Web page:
IPCC says hydro can help mitigate climate change impacts and keep 1.5 alive

Hydropower’s capacity to reduce carbon emissions to help meet net zero goals was highlighted by the Intergovernmental Panel on Climate Change (IPCC) earlier this month in the third and final instalment of their sixth assessment report on climate change, writes IHA Energy Policy Manager Rebecca Ellis.

Hydropower is mentioned frequently throughout the report from Working Group III (Mitigation of Climate Change), as a means to mitigate the worst impacts of climate change, and especially in chapter six on energy systems.

The report says with high confidence that established technologies like hydropower form one of the many technologies available to reduce emissions over the next decade. It also notes that the peak efficiency of hydroelectric plants is greater than 85 percent.

Hydropower is a cost-effective path to net zero

The report focuses on mitigation and specifically what activities we must do now to limit warming to 1.5°C or well below 2°C. The authors indicate that mitigation pathways limiting warming to 1.5°C must reduce CO2 emissions by 50 percent in the 2030s, relative to 2019, then reach net zero CO2 emissions in the 2050s.

Importantly, it states with high confidence that the levelised cost of electricity (LCOE) for hydropower is lower than the cheapest new fossil fuel-fired option, and that hydropower is one of the lowest-cost electricity technologies. For a lifetime of 40-80 years for a hydropower project, the costs for operation and maintenance were found to be ~2-2.5 percent of the investment costs per kw yr-1.

In addition to the lower investment costs over its lifetime compared with cheap fossil fuels, the potential for hydropower is massive and exceeds total electricity produced in 2018. While not all of this will be developed, the report recognised that hydropower makes up a substantial part of renewable energy providing 16 percent of global electricity and 43 percent of electricity from renewables for 2019. The summary for policymakers included a bar chart that shows the relative potential for hydropower is still high even in 2030. And even more interesting to note, is that public support for hydropower is generally high, and correlates to existing projects having high support; whereas, according to the research, new projects have less public support.

The only acceptable hydropower is sustainable

As hydropower often requires significant land use, the report says (in chapter’s six and 12) that it is critical to minimise environmental and social impacts during planning stages, to reduce potential risks. It is also necessary to modernise the existing fleet to increase generation capacity and flexibility. As such, it is important to mitigate risks that may impact ecological habitats, and to consider “local physical, environmental, climatological, social, economic, and political aspects”. To mitigate such risks and impacts, the International Hydropower Association (IHA) recommends that all hydropower projects be built using the Hydropower Sustainability Standard.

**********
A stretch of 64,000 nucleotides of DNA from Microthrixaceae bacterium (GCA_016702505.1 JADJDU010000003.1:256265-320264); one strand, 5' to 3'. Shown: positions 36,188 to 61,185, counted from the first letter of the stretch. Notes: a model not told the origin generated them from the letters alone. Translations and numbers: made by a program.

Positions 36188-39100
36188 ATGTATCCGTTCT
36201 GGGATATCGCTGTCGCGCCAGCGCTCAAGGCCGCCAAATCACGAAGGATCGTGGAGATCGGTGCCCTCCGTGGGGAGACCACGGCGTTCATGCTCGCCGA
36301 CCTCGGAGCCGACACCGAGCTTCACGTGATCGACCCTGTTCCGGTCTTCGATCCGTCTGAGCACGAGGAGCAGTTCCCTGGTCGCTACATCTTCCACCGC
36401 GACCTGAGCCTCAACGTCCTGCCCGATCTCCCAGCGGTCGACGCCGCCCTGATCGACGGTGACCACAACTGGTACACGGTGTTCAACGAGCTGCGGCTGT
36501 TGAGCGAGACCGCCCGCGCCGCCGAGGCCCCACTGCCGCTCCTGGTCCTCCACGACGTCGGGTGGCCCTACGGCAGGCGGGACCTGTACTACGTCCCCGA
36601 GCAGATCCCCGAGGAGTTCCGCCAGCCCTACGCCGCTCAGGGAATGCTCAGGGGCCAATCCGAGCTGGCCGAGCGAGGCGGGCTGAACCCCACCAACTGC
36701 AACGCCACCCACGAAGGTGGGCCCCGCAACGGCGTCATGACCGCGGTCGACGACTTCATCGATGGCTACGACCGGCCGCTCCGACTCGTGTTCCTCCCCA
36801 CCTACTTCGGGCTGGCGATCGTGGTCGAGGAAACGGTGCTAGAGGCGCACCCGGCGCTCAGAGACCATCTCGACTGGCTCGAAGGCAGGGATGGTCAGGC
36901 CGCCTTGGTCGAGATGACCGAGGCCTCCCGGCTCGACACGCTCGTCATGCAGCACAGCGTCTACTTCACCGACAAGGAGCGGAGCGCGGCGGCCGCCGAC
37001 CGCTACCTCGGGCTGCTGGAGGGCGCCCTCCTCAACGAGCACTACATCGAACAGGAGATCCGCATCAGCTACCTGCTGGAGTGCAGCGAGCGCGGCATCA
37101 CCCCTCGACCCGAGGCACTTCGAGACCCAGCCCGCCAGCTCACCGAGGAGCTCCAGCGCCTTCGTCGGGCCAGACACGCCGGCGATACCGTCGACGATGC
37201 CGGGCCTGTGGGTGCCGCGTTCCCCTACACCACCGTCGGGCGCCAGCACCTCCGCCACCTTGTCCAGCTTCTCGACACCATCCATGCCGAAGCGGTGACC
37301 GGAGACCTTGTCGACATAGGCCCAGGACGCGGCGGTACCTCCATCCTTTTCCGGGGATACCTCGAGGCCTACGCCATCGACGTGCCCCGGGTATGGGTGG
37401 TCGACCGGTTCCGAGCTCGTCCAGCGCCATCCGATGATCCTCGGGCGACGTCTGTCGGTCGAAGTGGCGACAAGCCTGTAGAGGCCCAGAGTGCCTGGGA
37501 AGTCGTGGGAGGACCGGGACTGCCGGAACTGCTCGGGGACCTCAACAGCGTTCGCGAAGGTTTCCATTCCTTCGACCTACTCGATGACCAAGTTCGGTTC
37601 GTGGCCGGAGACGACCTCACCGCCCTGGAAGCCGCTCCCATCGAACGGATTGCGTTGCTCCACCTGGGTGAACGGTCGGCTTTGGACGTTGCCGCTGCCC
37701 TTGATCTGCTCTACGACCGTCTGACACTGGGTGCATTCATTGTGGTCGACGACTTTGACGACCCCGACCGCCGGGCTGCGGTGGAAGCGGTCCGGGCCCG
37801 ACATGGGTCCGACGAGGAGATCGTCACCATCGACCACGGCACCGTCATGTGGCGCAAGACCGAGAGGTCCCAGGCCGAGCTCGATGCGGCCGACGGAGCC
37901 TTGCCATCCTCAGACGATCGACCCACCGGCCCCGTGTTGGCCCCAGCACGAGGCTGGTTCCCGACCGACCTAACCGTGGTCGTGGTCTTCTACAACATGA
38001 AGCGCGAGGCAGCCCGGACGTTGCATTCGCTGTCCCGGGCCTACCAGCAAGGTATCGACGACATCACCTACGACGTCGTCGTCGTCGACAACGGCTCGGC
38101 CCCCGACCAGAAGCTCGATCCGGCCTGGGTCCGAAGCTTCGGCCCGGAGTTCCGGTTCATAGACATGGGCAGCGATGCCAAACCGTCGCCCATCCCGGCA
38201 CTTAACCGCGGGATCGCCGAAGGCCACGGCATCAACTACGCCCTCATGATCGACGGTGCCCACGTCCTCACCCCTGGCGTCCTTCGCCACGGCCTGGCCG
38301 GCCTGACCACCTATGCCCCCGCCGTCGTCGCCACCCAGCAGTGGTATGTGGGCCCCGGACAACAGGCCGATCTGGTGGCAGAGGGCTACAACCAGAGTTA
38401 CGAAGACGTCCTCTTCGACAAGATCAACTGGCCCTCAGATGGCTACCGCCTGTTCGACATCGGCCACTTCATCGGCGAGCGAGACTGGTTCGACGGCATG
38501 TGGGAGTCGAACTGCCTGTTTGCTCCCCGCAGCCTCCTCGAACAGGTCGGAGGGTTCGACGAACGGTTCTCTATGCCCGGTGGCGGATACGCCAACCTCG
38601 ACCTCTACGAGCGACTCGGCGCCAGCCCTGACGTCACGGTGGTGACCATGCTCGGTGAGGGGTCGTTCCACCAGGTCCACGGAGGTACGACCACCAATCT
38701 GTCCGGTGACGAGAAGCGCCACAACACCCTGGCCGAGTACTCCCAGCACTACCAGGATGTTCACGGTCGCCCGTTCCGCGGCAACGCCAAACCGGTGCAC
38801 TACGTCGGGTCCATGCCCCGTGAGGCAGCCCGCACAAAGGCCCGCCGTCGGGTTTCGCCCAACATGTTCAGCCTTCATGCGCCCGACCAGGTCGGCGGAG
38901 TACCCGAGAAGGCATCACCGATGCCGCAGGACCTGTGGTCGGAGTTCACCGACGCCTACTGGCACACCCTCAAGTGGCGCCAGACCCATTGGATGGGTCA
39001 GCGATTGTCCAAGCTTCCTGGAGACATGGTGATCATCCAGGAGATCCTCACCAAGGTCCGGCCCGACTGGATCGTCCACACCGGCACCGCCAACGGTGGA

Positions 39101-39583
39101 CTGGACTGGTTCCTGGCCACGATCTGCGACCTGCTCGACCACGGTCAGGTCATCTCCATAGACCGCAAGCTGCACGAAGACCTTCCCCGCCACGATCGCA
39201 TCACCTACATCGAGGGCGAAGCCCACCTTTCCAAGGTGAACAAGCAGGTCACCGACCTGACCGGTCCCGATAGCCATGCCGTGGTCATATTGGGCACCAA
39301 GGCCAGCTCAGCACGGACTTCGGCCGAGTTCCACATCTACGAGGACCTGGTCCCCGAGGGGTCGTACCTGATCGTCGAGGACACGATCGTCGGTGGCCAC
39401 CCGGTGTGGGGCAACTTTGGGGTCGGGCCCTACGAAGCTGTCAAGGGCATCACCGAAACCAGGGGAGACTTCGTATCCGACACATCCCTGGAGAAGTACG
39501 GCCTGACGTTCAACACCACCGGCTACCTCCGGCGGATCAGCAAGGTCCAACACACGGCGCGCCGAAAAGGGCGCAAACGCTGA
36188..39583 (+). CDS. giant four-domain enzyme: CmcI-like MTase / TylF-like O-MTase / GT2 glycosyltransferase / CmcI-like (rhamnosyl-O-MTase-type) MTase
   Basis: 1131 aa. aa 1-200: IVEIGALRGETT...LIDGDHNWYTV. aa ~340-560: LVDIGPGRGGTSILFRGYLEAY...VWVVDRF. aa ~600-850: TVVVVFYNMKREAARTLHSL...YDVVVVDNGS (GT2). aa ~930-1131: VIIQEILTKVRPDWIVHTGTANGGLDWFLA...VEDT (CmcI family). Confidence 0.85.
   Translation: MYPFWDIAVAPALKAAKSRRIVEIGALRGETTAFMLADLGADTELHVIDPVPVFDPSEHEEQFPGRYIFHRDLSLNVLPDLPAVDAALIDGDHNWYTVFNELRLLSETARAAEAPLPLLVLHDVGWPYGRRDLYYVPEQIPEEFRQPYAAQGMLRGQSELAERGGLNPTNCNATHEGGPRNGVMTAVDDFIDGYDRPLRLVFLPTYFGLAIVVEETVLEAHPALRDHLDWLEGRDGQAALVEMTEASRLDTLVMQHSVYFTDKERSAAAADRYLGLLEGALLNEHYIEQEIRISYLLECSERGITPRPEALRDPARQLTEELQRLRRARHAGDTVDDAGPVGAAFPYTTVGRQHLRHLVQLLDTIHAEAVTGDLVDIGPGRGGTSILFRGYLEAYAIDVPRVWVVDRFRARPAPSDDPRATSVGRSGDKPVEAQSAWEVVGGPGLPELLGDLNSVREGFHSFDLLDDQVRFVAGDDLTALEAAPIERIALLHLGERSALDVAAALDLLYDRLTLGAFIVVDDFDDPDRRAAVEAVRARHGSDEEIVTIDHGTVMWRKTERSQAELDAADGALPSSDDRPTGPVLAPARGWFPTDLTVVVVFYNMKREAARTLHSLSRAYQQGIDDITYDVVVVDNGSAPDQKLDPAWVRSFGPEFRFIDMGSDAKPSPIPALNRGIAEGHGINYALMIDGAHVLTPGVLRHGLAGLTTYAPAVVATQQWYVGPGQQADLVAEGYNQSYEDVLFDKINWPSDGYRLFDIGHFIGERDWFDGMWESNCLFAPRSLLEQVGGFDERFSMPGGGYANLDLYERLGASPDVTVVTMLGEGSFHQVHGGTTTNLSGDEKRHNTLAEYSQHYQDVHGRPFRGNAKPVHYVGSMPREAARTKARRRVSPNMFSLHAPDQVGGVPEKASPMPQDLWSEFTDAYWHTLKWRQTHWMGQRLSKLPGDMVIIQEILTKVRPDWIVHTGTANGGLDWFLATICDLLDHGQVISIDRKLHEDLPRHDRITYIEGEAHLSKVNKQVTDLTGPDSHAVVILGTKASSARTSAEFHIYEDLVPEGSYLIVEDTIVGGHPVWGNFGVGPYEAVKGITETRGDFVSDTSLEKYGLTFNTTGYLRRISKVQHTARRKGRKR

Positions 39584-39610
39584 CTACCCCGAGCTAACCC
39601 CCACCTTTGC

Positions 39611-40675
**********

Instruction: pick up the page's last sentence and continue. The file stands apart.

The Standard provides a framework to ensure that social and environmental impacts are considered, and that any hydropower project proceeds in a just and equitable manner, in line with the report. The report details, in chapter 17, the importance of focusing on distributional climate justice to ensure the transition be sustainable and just. The authors of that chapter conclude that “accelerating climate actions and progress towards a just transition is essential to reducing climate risks and addressing sustainable development priorities, including water, food and human security”.

While the previous instalment of the IPCC report, from Working Group II (Adaptation and Resilience), noted that climate change will alter hydropower production, and especially at the regional scale, the impacts are uncertain. Working Group III’s report concludes that the analysis consistently demonstrates that the global impact of climate change on hydropower will be small, and while regional impacts will be larger, it will be both positive and negative.

Hydropower’s flexibility and storage services are critical

In addition to recognising the significance of hydropower for its role in climate mitigation, pumped storage hydropower and reservoir storage were also noted for their ability to provide flexibility services to compensate for rapid variations in electricity loads and supplies. The report noted with a high degree of confidence that energy storage will play an increasingly important role in net zero systems, especially those with high variable renewable energy shares, and that dispatchable renewable generation (such as hydropower) will provide critical support for net zero.

In addition to the policy role of government, the latest IPCC report indicated that there is an immense gap between how much capital is available and what is needed. It is noted with high confidence that “fundamental inequities in access to finance as well as its terms and conditions, and countries exposure to physical impacts of climate change overall result in a worsening outlook for a global just transition”.  

IHA as the voice of sustainable hydropower knows the importance of the role that hydropower has played and will continue to play in meeting net zero goals. United Nations Secretary General Antonio Guterres’ said of this month’s report: “It is time to stop burning our planet and start investing in the abundant renewable energy all around us. The new IPCC report sets out viable, financially sound options in every sector that can keep the possibility of limiting global warming to 1.5°C alive”.

Hydropower is a necessary part of a net zero future and must be prioritised in national and global plans for the clean energy transition.

Find out more about the author.

Privacy Policy